Ehrlich gets forensics practice

Discusses his platform at UM event as debate with Townsend nears

September 23, 2002|By Tim Craig | Tim Craig,SUN STAFF

COLLEGE PARK - In a warm-up to Thursday's gubernatorial debate, Republican Robert L. Ehrlich Jr. answered pointed questions at a forum yesterday at the University of Maryland.

Ehrlich defended his support for slot machines at Maryland racetracks and spoke about the need for educational reform, including charter schools.

The forum was sponsored by the university's Center for Political Communication and Civic Leadership.

The center invited Democrat Kathleen Kennedy Townsend to participate in a similar forum - which amounted to a free-flowing discussion on issues - but the lieutenant governor declined.

Most of the questions focused on the state's budget deficit, which is estimated at more than $1 billion.

Ehrlich's plans to legalize slots at four Maryland racetracks was also a hot topic.

Townsend opposes legalizing slot machines because she fears it would increase crime.

Ehrlich estimates that slot machines eventually could raise more than $500 million a year for the state. He said slot machines are the only way to close the budget deficit and fund the Thornton Commission legislation.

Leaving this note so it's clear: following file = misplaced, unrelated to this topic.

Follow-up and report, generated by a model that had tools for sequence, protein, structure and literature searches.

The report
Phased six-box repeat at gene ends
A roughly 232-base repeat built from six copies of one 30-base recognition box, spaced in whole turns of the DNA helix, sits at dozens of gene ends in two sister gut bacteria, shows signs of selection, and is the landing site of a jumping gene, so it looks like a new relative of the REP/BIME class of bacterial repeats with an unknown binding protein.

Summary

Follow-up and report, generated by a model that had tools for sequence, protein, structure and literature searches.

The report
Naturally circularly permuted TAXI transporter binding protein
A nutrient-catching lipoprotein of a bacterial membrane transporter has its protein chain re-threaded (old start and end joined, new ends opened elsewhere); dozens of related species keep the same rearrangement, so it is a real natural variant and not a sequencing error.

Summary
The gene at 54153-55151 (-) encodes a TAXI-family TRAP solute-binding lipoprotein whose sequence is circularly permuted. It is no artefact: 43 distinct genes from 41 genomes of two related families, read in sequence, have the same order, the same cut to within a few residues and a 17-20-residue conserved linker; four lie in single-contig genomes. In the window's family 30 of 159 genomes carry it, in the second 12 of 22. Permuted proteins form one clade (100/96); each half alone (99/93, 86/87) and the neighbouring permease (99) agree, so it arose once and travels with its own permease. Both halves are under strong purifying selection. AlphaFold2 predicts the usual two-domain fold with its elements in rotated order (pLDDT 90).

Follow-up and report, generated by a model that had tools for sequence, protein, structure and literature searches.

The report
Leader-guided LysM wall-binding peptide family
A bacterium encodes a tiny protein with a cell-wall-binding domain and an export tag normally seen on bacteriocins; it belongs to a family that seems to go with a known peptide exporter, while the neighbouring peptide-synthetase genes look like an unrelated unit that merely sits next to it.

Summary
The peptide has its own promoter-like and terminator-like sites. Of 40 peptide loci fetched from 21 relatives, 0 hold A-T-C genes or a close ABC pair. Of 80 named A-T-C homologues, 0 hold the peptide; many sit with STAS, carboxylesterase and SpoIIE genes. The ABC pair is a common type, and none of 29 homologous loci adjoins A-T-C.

The legislation, which the General Assembly passed this year, calls for the state's annual aid for public schools to increase by $1.3 billion over six years.

"I think there has been a lack of vision in this state because some folks thought the cocktail party would last forever," Ehrlich told an audience of about 100 people.

"There is one of two ways to fund Thornton, it's either a massive tax increase or these dollars from slots."

Townsend spokesman Len Foxwell said last night: "While Bob Ehrlich keeps dreaming of hitting the jackpot with slots, Kathleen will meet our children's needs the old-fashioned way: Make education the state's top priority and then make tough budget choices."

Ehrlich also suggested the need for "Thornton II" legislation to address nonmonetary aspects of education. Such legislation would include a provision calling for charter schools, Ehrlich said.

Townsend, who campaigned yesterday in Prince George's and Montgomery counties, opposes charter schools. Ehrlich and Townsend will meet Thursday at Morgan State University for their first debate. The 80-minute debate begins at 7 p.m.

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